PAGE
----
If you were to look at the lunches I ate in grade school, you (and I) would never believe that I would go on to write a food blog years later. Inside my plain brown bag I carried to school every day was a simple baggie containing my sandwich. No zip lock here. It was the old school fold the flap in and the top over. Yes, these were the lean years, the pre-ziploc days. The sandwich didn't include arugula or sun dried tomatoes and wasn't on gluten free, all natural artisanal bread. No, it was constructed on plain white, soft Wonder bread with a smear of butter, or rather margarine, and a Kraft American cheese slice carefully unfolded from its single serving wrapper. I guess all those preservatives need to be contained. Four slices of hard salami would go on top with each slice touching an opposite corner of the Wonder bread. The sandwich was precisely cut in half and devoured by me every day at school for eight years. Sure there was an occasional pizza day or charcuterie shortage, but the salami and cheese sandwich was my staple. My given. My go to.
I imagine you have a story like this as well. My brother's personal salami and cheese was a PB&J. Everyday. He still loves it and eats it regularly. We took my mom's homemade school lunches for granted. Our little brown bags would always be lined up for us on the kitchen counter every morning before school. Every morning, that is, until we graduated and took the reigns to make ourselves the exact same sandwiches every day.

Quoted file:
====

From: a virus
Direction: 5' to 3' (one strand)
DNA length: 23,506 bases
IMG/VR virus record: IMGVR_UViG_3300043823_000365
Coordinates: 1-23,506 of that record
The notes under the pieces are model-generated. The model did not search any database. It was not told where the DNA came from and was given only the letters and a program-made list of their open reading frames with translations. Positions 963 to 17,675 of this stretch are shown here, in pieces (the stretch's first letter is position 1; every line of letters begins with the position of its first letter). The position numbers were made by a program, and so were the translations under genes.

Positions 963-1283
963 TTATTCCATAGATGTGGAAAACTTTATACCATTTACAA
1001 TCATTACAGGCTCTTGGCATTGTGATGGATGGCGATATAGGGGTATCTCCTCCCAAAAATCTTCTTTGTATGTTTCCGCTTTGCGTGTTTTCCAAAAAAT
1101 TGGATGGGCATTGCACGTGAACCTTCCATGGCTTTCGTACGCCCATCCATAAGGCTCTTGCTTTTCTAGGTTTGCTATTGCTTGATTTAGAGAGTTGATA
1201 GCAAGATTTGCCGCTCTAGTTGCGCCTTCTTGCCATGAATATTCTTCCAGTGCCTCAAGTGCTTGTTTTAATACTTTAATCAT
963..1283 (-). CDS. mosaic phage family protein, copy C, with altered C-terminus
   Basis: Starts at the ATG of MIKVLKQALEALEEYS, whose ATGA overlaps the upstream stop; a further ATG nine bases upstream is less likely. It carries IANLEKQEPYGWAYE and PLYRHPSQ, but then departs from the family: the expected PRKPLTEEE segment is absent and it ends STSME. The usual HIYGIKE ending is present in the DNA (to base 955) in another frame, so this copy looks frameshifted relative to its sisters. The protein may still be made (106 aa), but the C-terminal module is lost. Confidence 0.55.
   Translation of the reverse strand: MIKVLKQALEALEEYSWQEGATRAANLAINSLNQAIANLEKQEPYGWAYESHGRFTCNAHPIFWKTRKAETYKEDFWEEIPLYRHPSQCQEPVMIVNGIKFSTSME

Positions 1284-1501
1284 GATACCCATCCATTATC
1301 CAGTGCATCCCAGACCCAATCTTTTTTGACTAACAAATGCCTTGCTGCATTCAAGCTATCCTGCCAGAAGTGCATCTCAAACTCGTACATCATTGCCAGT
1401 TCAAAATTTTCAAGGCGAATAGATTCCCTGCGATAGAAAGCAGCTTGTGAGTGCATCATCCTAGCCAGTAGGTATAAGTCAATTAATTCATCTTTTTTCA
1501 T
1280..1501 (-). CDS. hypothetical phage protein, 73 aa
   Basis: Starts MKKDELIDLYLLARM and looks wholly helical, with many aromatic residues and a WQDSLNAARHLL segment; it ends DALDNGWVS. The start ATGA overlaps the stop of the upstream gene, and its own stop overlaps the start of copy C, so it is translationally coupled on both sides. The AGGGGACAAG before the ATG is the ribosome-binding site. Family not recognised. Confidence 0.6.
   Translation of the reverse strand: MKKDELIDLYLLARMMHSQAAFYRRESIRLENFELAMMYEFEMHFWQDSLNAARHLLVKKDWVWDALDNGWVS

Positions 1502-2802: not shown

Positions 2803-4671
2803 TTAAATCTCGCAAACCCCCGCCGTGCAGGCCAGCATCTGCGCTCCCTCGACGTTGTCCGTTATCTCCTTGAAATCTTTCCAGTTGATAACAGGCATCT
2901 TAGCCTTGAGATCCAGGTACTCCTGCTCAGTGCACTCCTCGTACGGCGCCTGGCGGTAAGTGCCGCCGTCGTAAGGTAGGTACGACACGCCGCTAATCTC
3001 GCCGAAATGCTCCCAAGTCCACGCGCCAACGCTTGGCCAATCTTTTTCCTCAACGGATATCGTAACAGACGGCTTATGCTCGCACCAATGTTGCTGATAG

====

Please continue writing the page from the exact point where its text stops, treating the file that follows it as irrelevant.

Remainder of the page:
There are some kids that don't have a brown bag lunch waiting for them. They don't have a go-to sandwich. Today I'm dedicating my blog post to those kids. I'm working with The Giving Table and other food bloggers around the world to help The Lunchbox Fund raise just $5,000 to help provide a daily meal to 100 South African school children for an entire year. 65% of children in South Africa live in poverty. Almost 20% of the kids are orphans who have lost their parents to HIV and AIDS. Giving kids lunch is an incentive for them to attend school, stay focused and obtain a good education for a better life.
I'm hoping you'll join me in raising awareness and funds to help feed kids in South Africa. Here's where you can make your own donation. Just $10 can give a child their sole meal of the day. Perhaps consider foregoing the extra chia seed boost in your morning smoothie, and you'll see your money make a big difference in many children's lives.
I will say that I've come a long way from those Wonder bread salami and Kraft American cheese sandwiches. I don't eat any of those items now, except for maybe some salami, which would need to be on a nice locally created charcuterie board avec fromage. My go to lunch now is fresh fruits and vegetables over greens or mixed in quinoa. I like eating food in its most natural state and the salad gets me closest to that and furthest from the plastic wrapped sandwich from years ago. That said, I'm just grateful I've never had to worry about where and when my next meal was coming. Thanks for reading and helping today.
Mediterranean Crab Salad
- 4 ounces mixed greens
- 6 cherry tomatoes cut in half
- 1/4 cup diced cucumber
- 1/4 cup diced Kalamata olives
- 2 ounces fresh crab
- 1 tablespoon extra virgin olive oil
- 1 tablespoon champagne vinegar
- 1 tablespoon fresh mint
- fresh ground pepper to taste
- 1 ounce crumbled feta cheese (optional)
- Combine first 6 ingredients together in a bowl.
- Drizzle oil and vinegar over all ingredients.
- Sprinkle with mint.
- Grind fresh pepper on top.